Thursday

Mar. 7, 2013

Turtle in the Road

by Faith Shearin

It was the spring before we moved again, a list of what
we must do on the refrigerator, when my daughter
and I found a turtle in the road. He was not gentle
or shy, not properly afraid of the cars that swerved

around his mistake. I thought I might encourage him
towards safety with a stick but each time I touched
his tail he turned fiercely to show me what he thought
of my prodding. He had a raisin head, the legs of

a fat dwarf, the tail of a dinosaur. His shell was a deep
green secret he had kept his whole life. I could not tell
how old he was but his claws suggested years of
reaching. I was afraid to pick him up, afraid of the way

he snapped his jaws, but I wanted to help him return
to the woods which watched him with an ancient
detachment. I felt I understood him because I didn't
want to move either; I was tired of going from one place

to another: the introductions, the goodbyes. I was sick
of getting ready, of unpacking, of mail sent to places
where I used to live. At last I put my stick away
and left him to decide which direction was best.

If I forced him off the road he might return later.
My daughter and I stood awhile, considering him.
He was a traveler from the time of reptiles, a creature
who wore his house like a jacket. I don't know

if he survived his afternoon in the road; I am still
thinking of the way his eyes watched me go.
I can't forget his terrible legs, so determined
to take him somewhere, his tail which pointed
behind him at the dark spaces between the trees.

"Turtle in the Road" by Faith Shearin, from Moving the Piano. © Stephen F. Austin State University Press, 2011. Reprinted with permission. (buy now)

It's the birthday of one of the great Texas troubadours and a legend in songwriting circles, Townes Van Zandt, born in Fort Worth (1944). He was born into wealthy oil family, and they moved around quite a bit when he was a young kid — to Minnesota, Colorado, and Illinois — but he abandoned wealth for poetry and singing and living couch to couch. His focus was the words and the story. Though he never had a hit of his own, Willie Nelson and Merle Haggard took his song "Pancho and Lefty" all the way to No. 1 in 1983. Others recorded him too — Emmylou Harris, Lyle Lovett, The Cowboy Junkies.

His friend Steve Earle famously said he was "the best songwriter in the whole world," adding, "I'll stand on Bob Dylan's coffee table in my cowboy boots and say that." To which Van Zandt was said to have replied: "I've met Bob Dylan and his bodyguards, and I don't think Steve could get anywhere near his coffee table." Years later, Earle recanted. He said, "When somebody's as good as Townes Van Zandt was and more people don't know about it, it's Townes's fault. Part of him didn't consider himself worthy of anything." Van Zandt died in 1997, at age 53.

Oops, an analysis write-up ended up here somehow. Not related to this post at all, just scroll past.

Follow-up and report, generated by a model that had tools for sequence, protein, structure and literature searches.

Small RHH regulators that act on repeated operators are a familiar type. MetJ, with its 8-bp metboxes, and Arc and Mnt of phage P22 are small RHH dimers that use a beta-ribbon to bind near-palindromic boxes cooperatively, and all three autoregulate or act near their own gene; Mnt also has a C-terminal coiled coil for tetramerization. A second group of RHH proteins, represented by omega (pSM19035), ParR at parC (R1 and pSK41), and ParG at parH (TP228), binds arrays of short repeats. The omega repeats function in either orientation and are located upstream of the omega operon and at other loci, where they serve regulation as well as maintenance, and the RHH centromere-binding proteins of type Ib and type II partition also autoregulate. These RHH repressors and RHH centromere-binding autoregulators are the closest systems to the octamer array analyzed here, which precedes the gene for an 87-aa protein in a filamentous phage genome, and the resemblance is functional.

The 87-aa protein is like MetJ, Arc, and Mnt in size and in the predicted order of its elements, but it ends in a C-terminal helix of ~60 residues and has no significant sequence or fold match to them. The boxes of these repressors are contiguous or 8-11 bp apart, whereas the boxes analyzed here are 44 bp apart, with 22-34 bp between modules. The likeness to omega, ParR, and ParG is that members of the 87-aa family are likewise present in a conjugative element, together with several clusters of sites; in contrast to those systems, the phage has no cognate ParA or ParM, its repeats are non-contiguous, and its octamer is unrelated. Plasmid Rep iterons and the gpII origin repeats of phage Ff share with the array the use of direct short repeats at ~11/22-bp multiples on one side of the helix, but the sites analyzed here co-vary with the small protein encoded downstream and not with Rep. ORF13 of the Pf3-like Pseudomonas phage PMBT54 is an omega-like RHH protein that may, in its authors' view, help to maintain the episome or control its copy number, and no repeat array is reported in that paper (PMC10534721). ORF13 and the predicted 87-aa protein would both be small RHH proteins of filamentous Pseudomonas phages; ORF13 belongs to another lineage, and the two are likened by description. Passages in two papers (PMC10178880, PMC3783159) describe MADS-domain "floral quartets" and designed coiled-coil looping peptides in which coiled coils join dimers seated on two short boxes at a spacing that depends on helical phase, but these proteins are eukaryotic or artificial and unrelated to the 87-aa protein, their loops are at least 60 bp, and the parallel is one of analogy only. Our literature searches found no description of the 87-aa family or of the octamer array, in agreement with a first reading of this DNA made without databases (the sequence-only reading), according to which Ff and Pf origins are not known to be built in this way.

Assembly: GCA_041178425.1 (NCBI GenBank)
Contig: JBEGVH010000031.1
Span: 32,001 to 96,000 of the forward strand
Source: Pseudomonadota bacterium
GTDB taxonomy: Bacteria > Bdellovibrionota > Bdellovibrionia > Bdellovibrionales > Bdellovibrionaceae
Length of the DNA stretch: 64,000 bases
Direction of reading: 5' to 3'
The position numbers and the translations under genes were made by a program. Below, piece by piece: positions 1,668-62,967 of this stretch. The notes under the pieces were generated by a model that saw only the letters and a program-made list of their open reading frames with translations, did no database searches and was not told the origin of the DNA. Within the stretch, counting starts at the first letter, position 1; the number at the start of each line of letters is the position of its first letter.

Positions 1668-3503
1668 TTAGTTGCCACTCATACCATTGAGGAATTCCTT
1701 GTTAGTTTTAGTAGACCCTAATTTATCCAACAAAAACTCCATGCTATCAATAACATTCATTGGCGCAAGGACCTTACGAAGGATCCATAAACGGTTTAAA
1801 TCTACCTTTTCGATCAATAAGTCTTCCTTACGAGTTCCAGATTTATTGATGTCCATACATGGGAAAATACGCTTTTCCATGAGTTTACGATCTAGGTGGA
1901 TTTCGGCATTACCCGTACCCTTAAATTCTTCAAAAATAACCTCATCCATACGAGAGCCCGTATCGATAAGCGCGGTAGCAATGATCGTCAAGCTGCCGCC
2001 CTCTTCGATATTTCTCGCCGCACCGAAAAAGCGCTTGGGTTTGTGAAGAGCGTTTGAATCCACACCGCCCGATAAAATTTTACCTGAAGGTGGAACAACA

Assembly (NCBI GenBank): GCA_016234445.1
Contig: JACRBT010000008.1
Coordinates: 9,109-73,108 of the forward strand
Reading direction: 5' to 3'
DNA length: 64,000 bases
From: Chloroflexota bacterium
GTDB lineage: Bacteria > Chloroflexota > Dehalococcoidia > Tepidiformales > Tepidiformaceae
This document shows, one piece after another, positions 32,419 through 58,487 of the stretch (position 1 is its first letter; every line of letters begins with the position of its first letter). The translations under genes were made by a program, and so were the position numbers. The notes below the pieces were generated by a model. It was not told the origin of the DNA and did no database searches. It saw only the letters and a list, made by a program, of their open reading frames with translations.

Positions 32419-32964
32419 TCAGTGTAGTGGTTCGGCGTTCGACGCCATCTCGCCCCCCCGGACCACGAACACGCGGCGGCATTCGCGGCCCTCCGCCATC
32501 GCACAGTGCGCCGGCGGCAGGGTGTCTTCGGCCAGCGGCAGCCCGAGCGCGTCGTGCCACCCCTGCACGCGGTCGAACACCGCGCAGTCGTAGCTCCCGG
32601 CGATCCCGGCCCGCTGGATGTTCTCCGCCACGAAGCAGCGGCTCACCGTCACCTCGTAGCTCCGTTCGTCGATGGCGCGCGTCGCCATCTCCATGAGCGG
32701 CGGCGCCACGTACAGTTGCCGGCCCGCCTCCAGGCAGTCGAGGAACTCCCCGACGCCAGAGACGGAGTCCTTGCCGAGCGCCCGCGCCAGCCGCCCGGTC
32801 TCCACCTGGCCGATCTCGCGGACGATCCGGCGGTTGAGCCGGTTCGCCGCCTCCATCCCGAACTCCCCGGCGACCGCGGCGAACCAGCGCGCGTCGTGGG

It's the birthday of novelist Robert Harris (books by this author), born in Nottingham, England (1957), the author of Fatherland (1991), Enigma (1995) and many other best-selling books of historical fiction.

Harris said "I think a novel is like a car, and if you buy a car and grow flowers in it, you're forgetting that the car is designed to take you somewhere else."

On this day in 1994, the Supreme Court ruled that parody can be protected by the fair-use clause of the Copyright Act of 1976. The ruling came about when the rap group 2 Live Crew used elements from "Oh Pretty Woman" by Roy Orbison in their song "Pretty Woman."

On this date in 1857 the National Association of Baseball Players decided that a baseball game would be made up of nine innings instead of 21 "aces" or runs played under the "Knickerbocker Rules."

It's the anniversary of the first March from Selma to Montgomery, Alabama (1965), known as "Bloody Sunday." Six hundred civil rights activists left Selma to march the 54 miles to the state capitol, demonstrating for African-American voting rights. They got six blocks before state and local lawmen attacked them with billy clubs and tear gas.

ABC News interrupted a Nazi war crimes documentary to show footage of the violence. In the blink of a television set, national public opinion about civil rights shifted. Demonstrations broke out across the country.

Two weeks later, the March from Selma made it to Montgomery, led by Dr. Martin Luther King, federal court protection, and these words from President Lyndon Johnson: "There is no issue of States rights or national rights. There is only the struggle for human rights." When they got to Montgomery, they were 25,000 strong.

It's the birthday of Bret Easton Ellis (books by this author), born in Los Angeles (1964). His first book, Less Than Zero (1985), was published when he was still a student at Bennington College. He's since written five more novels, most of them about a disaffected, disengaged America. Of course that includes his third, American Psycho (1991), a satirical novel written from the first-person perspective of a Wall Street yuppie serial killer.

It was banned by the National Organization of Women and dropped by its first publisher. The critic Roger Rosenblatt wrote of it: "American Psycho is the journal Dorian Gray would have written had he been a high school sophomore. But that is unfair to sophomores." Ellis received death threats for it, and the Walt Disney Corporation even barred him from the opening of Euro Disney. The book has since enjoyed a renaissance with critics and scholars.

His most recent novel is Imperial Bedrooms (2010), the sequel to Less Than Zero.

Ellis has said, "You don't write novels for a reaction. You write novels for very personal reasons."

Be well, do good work, and keep in touch.®

 









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